The newcomer’s introduction to starting a business in British Columbia

Published: Feb 20, 2013
Last Updated: Apr 27, 2017

Starting a business can be a complicated process and is often different in different places. Newcomers or non-Canadians wishing to start a business in Canada have some extra considerations before getting started. In this blog post we will share some great resources and support services to help the entrepreneurial immigrant start a business in British Columbia. 

Ethiopian restaurantLanguage: If you are reading this post, you are probably on your way to fluency, or at least comfortable with English. Communication is an essential aspect of running a successful business. If you or someone you know wishes to improve their English skills visit the WelcomeBC website to find the nearest ELSA centre. These centres provide free English classes to newcomers.

If you are not sure whether or not you need to upgrade, it is a good idea to take the Canadian Language Benchmark Assessment. MOSAIC provides in this service in the lower mainland. This test will provide you with a clear idea of how advanced your language skills are.

Credentials: It is important to note that foreign credentials are not always equivalent to Canadian credentials. Depending on the type of business you wish to start, you may need to ensure that your degrees or license is accepted in Canada. Examples of businesses that require credentials include starting an accounting business, an architecture firm or an electrical contracting business. Use the WelcomeBC Occupational Guides to find out how your occupation is practiced in BC.

In order to have your credentials assessed first you need to get them translated. In the lower mainland MOSAIC offers free translation services. Look for a local immigrant support organization for help with translation.

Once you have your documents translated contact the regulatory body for your industry. In some cases you will have to send your credentials to the International Credential Evaluation Service (ICES). ICES will assess your credentials for a fee. However, an ICES assessment is not always required. It is a good idea to contact the regulatory authority to confirm that you need an ICES assessment first. Note: this process can take several months. It is a good idea to start early.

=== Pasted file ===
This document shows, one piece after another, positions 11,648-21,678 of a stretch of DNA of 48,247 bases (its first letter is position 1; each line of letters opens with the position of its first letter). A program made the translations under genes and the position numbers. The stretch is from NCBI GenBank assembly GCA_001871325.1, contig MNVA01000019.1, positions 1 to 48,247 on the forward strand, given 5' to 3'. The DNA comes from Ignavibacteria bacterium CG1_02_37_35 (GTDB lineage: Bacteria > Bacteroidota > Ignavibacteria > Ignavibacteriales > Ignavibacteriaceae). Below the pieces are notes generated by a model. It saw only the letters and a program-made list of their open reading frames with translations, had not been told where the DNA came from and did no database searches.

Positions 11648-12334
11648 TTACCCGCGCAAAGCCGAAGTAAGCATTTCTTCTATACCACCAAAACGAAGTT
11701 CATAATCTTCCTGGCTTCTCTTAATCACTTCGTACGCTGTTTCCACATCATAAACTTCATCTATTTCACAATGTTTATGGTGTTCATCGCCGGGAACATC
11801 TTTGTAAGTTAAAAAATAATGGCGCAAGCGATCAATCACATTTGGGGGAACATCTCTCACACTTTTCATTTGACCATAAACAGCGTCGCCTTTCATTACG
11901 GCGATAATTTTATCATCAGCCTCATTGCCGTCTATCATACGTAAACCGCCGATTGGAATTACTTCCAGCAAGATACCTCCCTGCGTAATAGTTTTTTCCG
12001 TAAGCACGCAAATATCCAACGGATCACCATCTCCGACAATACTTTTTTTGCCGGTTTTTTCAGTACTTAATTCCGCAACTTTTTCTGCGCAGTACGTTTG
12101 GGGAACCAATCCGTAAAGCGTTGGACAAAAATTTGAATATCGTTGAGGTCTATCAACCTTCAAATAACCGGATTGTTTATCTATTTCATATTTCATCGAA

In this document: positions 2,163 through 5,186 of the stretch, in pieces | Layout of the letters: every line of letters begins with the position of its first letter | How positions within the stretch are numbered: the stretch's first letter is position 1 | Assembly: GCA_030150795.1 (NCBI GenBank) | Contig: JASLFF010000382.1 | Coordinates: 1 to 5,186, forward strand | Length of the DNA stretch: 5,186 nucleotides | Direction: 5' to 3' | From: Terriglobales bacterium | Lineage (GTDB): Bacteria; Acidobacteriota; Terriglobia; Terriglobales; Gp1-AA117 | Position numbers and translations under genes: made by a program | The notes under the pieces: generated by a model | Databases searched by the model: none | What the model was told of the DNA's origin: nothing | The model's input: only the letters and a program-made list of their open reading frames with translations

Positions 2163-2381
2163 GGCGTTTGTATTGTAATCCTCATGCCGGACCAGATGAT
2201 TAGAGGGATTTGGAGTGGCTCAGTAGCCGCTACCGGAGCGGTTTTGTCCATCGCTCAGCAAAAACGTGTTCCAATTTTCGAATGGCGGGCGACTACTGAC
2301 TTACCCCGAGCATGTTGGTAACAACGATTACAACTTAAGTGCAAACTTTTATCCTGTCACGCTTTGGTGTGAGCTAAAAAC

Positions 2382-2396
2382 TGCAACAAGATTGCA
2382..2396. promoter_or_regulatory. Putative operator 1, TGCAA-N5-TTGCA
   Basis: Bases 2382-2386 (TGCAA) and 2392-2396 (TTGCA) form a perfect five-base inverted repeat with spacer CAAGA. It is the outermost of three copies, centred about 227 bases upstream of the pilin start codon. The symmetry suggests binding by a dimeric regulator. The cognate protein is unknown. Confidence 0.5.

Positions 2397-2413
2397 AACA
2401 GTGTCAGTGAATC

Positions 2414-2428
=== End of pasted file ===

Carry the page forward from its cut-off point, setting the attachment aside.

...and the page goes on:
Additional resources on foreign credential recognition:

Immigration status: As of 2004, you do not need to be a resident of Canada to start a business in BC; however, you need to have a physical address for your business in BC. These requirements differ from province to province. Any new business in BC must follow the regular legal requirements for starting a business in BC. Small Business BC has a useful checklist to help you get started. In addition, you should visit the BC Corporate Registry to learn about registering your business. If you would like to become a Canadian citizen or permanent resident, you will need to contact Citizenship and Immigration Canada (CIC). If you plan to manage your business from outside of Canada you will also need to contact CIC to find ensure you have the right documentation for entering the country. Non-Canadians opening businesses in BC fall under the Canadian Investment Act, please visit Investment Canada for regulations and forms. For more useful tips on this topic visit Small Business BC.

Establish a credit history: Starting a new business takes funds and in order to secure them, it is helpful to have a credit history in Canada. Even if you have money saved, at some point you will be expected to demonstrate good credit to start a service, for example to set up a phone line. You can start building a credit history by contacting a local bank or credit union and getting a credit card. Find a local credit union with Credit Unions of BC.

Cultural Awareness: Establishing a successful business will depend in part, on the connections you make in the community. It is helpful to be aware of cultural differences between your home country and Canada. Be open-minded and don’t be afraid to ask questions. Visiting a newcomer support organization can be a valuable source of insight to Canadian society.

Here are a couple of immigrant support organizations in British Columbia:

Some of these services even provide workshops and courses to help new immigrants start businesses. For examples S.U.C.C.E.S.S. offers the STEP Self-Employment program. Additional low cost business workshops are available through Embers Ventures and Small Business BC.

Now you are ready for business research! The Small Business Accelerator Research Basics Guide provides a step-by-step manual to help you find the information you need. Don’t miss our industry specific accelerator guides we cover everything from Farming & Agriculture to Technology & New Media


Business InfoSource.(2011). Connections: An Immigrants Guide to Starting a Business in Saskatchewan
Eversfield, M. (2010). Do I have to be Canadian to start a business in BC. Small Business BC.

PHOTO CREDIT: Merkato Ethiopian Restaurant and Market, created by Nate Grey on December 10, 2009. Image made available under Attribution-NonCommercial-ShareAlike 2.0 Generic license. Last viewed on December 12, 2012.


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